Lessons from Judges’ Recall

The National Judicial Council (NJC), last Saturday announced the recall of some justices. They are Justices John Inyang Okoro of the Supreme Court, Uwani Abba Aji of the Court of Appeal, Adeniyi Ademola of the Federal High Court, Abuja, and three other senior judges, who were among the eight judicial officers suspended since November 2, last year following corruption investigations on them.

NJC’s director of information, Mr. Soji Oye, in a statement, also asked Ademola, Okoro, Abba Aji, Justice Hydiazira A Nganjiwa of the Federal High Court, Justice Musa H. Kurya of the Federal High Court, and Justice Agbadu James Fishim of the National Industrial Court of Nigeria to resume duties from June 7.

The NJC hinged its decision on a huge backlog of cases in courts, adding that only three of the eight suspended judges – Ademola, Sylvester Ngwuta and Ofili-Ajumogobia – had been charged to court, and even then, Ademola had been discharged and acquitted of the charges filed against him, in what meant there was no reason to continue their suspension. Five others were never arraigned eight months after their residences were raided by operatives of the Department of State Services.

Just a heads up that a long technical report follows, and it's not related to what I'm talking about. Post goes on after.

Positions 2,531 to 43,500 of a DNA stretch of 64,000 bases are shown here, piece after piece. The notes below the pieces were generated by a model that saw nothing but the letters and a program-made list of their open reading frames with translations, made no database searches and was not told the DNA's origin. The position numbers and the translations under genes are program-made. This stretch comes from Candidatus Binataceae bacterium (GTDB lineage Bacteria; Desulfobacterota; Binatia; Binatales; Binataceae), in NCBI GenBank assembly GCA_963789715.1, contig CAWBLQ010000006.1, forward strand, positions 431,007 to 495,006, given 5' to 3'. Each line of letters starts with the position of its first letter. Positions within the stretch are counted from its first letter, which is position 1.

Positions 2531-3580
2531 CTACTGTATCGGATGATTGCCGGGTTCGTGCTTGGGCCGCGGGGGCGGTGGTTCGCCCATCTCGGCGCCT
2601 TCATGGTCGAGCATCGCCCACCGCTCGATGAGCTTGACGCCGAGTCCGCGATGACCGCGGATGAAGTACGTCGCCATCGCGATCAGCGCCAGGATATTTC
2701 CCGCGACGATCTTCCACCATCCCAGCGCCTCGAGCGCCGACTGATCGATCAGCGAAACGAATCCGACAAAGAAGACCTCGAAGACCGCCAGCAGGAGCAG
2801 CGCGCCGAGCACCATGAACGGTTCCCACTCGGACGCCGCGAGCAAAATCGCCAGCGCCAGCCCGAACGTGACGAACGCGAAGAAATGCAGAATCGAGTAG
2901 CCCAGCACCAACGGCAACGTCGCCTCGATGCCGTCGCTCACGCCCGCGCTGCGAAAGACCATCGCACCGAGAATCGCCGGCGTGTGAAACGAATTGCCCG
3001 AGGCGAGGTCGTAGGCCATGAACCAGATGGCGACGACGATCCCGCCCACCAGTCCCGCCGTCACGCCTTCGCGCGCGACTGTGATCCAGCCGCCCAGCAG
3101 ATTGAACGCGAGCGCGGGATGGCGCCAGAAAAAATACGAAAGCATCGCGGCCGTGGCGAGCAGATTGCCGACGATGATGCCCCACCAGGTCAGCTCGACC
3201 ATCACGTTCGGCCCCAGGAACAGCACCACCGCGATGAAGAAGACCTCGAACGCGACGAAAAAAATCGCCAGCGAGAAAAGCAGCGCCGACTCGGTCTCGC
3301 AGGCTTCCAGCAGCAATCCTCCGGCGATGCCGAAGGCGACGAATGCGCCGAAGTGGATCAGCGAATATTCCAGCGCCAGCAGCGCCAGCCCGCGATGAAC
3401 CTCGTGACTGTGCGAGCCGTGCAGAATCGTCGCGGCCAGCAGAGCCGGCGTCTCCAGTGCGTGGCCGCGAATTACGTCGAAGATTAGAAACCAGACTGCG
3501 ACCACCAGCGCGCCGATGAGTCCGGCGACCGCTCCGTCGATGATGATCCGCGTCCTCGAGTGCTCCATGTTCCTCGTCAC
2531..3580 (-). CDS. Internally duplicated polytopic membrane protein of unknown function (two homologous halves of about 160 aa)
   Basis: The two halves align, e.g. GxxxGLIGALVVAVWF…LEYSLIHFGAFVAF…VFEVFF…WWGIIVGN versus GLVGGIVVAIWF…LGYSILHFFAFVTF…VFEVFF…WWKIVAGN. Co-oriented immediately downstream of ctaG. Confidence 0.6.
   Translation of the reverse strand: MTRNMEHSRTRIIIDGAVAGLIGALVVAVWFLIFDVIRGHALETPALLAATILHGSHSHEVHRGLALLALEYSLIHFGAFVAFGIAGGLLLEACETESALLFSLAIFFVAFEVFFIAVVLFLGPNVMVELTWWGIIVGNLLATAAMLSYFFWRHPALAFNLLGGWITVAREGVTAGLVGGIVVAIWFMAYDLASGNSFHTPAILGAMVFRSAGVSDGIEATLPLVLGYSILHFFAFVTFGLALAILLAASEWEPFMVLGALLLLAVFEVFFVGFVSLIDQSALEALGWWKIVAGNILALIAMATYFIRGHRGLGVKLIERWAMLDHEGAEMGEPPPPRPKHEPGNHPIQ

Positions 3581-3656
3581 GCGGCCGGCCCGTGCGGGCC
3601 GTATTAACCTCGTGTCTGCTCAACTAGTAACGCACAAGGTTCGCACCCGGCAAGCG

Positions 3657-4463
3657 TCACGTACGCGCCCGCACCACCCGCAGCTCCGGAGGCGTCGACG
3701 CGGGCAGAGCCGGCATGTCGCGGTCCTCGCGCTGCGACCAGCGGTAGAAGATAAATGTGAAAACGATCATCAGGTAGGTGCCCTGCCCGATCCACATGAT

Dismissing the petitions against Justice Okon Abang of the Federal High Court; Chief Judge of Abia State, Justice Theresa Uzokwe, and 10 other judges, NJC said its decision was informed by reasons ranging from withdrawal of the petitions by the petitioners to lack of merit in the petitions.

Since this development, however, reactions have varied, depending on who is looking at what. Although there is genuine disagreement amongst lawyers over the recall of the judges, it also comes with one huge lesson and it is the need to always get the prosecution process of the various investigative agencies right, making their cases investigation-driven prosecutions and not prosecution-driven investigations. The security agencies must seriously learn from this development.

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